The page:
The Archdiocese of St. Paul and Minneapolis will cut 20 percent of the chancery's operating budget, or more than $5 million, in response to growing financial pressures resulting from clergy sex abuse lawsuits and other spending.
Staff layoffs in the central office as well as a reduction in some parish support services are expected in the move, which may be followed by the sale of some church assets.
The archdiocese's roughly 200 Catholic parishes and 90 Catholic schools are incorporated separately from the chancery and not directly subject to the budget cuts.
"Even without including unanticipated legal … fees, our current operational budget is unsustainable," said vicar general Charles Lachowitzer in a statement posted on the archdiocese's website.
Lachowitzer said budgets and staffing in chancery departments had expanded in the past several years, to provide "needed resources for parishes and Catholic schools and archdiocesan initiatives."
The archdiocese has faced unprecedented expenses related to its handling of clergy sex abuse cases over the past year. Last month, it reached a comprehensive settlement with the more than 16 victims represented by St. Paul attorney Jeff Anderson who have filed sex abuse lawsuits. It now must reach financial settlements expected to reach millions of dollars in those lawsuits and future litigation.
The archdiocese also hired Kinsale Management Consulting, based in California, to review its files on clergy abuse last fall, and the local legal firm of Greene Espel to investigate allegations of misconduct by Archbishop John Nienstedt. It also hired two former leaders of the Minnesota Bureau of Criminal Apprehension to oversee its handling of abuse complaints.
Haselberger sees backlash
Jennifer Haselberger, a former archdiocese canon lawyer and clergy abuse whistleblower, said it's the second time in the past decade that the archdiocese has tried to tighten its belt. From 2006 to 2008, employees were offered a volunteer buyout, she said, an offer disproportionately taken by some of the most qualified staff.
Haselberger said the budget crisis isn't just about clergy abuse expenses. She attributed them to disenchanted church donors and poor management.
"I hear from people each day who do not want to foot the bill for the Archdiocese's legal costs, the investigation into the Archbishop's conduct, or the support of clergy guilty of sexual abuse," Haselberger said.
"The Archdiocese's current financial woes, in my opinion, are the logical result of years of mismanagement and poor decisionmaking, as evidenced by the belated discovery of embezzlement by the former head of accounting and the failed effort to pass a constitutional amendment prohibiting same-sex marriage."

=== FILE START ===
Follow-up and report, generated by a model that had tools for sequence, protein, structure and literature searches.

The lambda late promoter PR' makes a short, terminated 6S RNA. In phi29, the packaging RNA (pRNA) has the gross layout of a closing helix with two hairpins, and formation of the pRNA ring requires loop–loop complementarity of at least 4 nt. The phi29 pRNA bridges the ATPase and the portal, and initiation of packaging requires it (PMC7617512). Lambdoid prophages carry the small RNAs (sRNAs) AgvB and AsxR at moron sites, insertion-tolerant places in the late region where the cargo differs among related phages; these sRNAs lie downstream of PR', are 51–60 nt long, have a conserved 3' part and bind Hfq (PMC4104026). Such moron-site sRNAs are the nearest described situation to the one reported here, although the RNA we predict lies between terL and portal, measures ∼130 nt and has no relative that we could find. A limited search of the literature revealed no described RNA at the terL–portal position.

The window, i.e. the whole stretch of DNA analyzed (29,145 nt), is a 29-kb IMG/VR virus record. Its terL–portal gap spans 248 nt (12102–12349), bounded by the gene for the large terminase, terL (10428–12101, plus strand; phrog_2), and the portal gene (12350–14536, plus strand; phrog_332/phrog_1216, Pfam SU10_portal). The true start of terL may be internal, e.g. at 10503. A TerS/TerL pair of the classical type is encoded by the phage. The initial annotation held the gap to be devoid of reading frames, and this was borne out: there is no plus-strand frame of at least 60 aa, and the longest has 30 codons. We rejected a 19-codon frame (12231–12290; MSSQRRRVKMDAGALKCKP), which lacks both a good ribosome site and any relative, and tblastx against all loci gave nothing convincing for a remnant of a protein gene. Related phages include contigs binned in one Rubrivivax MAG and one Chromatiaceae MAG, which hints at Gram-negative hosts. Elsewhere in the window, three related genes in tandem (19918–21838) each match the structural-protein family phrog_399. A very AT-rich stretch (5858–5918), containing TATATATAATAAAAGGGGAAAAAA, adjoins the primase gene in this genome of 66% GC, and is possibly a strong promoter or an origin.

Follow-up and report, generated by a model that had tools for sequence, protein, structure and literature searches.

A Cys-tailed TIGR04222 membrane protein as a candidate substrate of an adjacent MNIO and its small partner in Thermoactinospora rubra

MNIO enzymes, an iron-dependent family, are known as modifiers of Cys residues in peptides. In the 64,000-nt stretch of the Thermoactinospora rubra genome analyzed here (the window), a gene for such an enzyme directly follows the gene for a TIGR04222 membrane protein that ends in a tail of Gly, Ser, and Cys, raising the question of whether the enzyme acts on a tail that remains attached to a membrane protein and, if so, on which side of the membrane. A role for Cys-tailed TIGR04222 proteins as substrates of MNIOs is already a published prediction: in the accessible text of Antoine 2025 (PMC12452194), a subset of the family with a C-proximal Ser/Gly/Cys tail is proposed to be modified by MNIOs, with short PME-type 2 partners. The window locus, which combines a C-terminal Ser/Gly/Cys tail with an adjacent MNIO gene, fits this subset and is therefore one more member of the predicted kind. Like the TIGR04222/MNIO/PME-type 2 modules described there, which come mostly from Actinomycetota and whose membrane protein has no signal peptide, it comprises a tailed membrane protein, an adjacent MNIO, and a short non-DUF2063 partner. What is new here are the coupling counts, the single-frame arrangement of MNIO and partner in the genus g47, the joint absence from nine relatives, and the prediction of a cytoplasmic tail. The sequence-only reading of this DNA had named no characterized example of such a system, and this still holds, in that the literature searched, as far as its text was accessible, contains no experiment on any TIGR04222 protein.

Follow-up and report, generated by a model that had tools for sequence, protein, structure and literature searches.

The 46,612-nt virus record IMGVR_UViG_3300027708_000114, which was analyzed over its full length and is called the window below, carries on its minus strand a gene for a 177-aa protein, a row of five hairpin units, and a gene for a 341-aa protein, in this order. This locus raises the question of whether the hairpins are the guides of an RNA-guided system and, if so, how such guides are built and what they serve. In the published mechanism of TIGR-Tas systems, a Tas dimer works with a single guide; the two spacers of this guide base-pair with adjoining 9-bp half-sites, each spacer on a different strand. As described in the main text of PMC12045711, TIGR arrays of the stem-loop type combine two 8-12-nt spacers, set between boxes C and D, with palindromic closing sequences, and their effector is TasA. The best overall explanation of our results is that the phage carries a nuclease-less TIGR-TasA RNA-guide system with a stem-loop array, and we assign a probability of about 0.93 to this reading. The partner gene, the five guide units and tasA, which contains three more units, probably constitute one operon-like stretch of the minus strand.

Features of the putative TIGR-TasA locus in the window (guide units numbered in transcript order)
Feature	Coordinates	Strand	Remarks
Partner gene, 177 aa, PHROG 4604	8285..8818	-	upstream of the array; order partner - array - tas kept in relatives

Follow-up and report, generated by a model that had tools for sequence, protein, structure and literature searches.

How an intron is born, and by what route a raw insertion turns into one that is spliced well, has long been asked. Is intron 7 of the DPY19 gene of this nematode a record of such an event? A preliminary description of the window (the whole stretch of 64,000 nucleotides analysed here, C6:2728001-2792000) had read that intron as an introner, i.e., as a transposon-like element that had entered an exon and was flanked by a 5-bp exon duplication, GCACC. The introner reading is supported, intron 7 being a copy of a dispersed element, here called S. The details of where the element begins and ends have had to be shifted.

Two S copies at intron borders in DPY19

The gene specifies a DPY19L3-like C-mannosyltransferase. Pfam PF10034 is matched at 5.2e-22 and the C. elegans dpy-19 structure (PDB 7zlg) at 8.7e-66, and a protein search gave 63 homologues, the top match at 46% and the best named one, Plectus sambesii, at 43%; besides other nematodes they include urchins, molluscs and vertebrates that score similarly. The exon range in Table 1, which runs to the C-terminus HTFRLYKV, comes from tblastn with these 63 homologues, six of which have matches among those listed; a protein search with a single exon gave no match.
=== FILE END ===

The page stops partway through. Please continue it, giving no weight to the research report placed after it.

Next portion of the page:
Haselberger said laying off 20 percent of the lay employees is significant, but if the layoffs remove staff responsible for the current crisis, "I would celebrate."
"However, it is far more likely though that those individuals will be the architects and implementers of any proposed organization," she said, "and that the negative consequences will fall most strongly on the innocent and good-hearted people who have tried to be of service to the people of God."
'It's easier to lay off'
It's not unusual for dioceses facing mounting legal expenses to cut their budgets, said Charles Zech, director of the Center for the Study of Church Management at Villanova University in Pennsylvania.
"I'm surprised it took this long," said Zech, who is from St. Paul.
In addition to launching layoffs, dioceses have sold stock holdings, land holdings and retreat centers, he said. But those things take longer than handing someone a pink slip.
"It's easier to lay off people than to sell assets," Zech said.
The average settlement for victims in global settlements is about $100,000, Zech said.
Now that the archdiocese has a global settlement in place with clergy abuse victims, it has a better idea of what its cost may be in the future — and it does not have to deal with the legal expenses of fighting each individual case, he said.
The budget and staff cuts will be made at the archdiocese headquarters on Summit Avenue in St. Paul and at its Hayden Center on W. Kellogg Boulevard.
But parishes are likely to feel the ripple effects, Zech said. Archdiocese offices typically support parishes through clergy development as well as legal, administrative and planning services.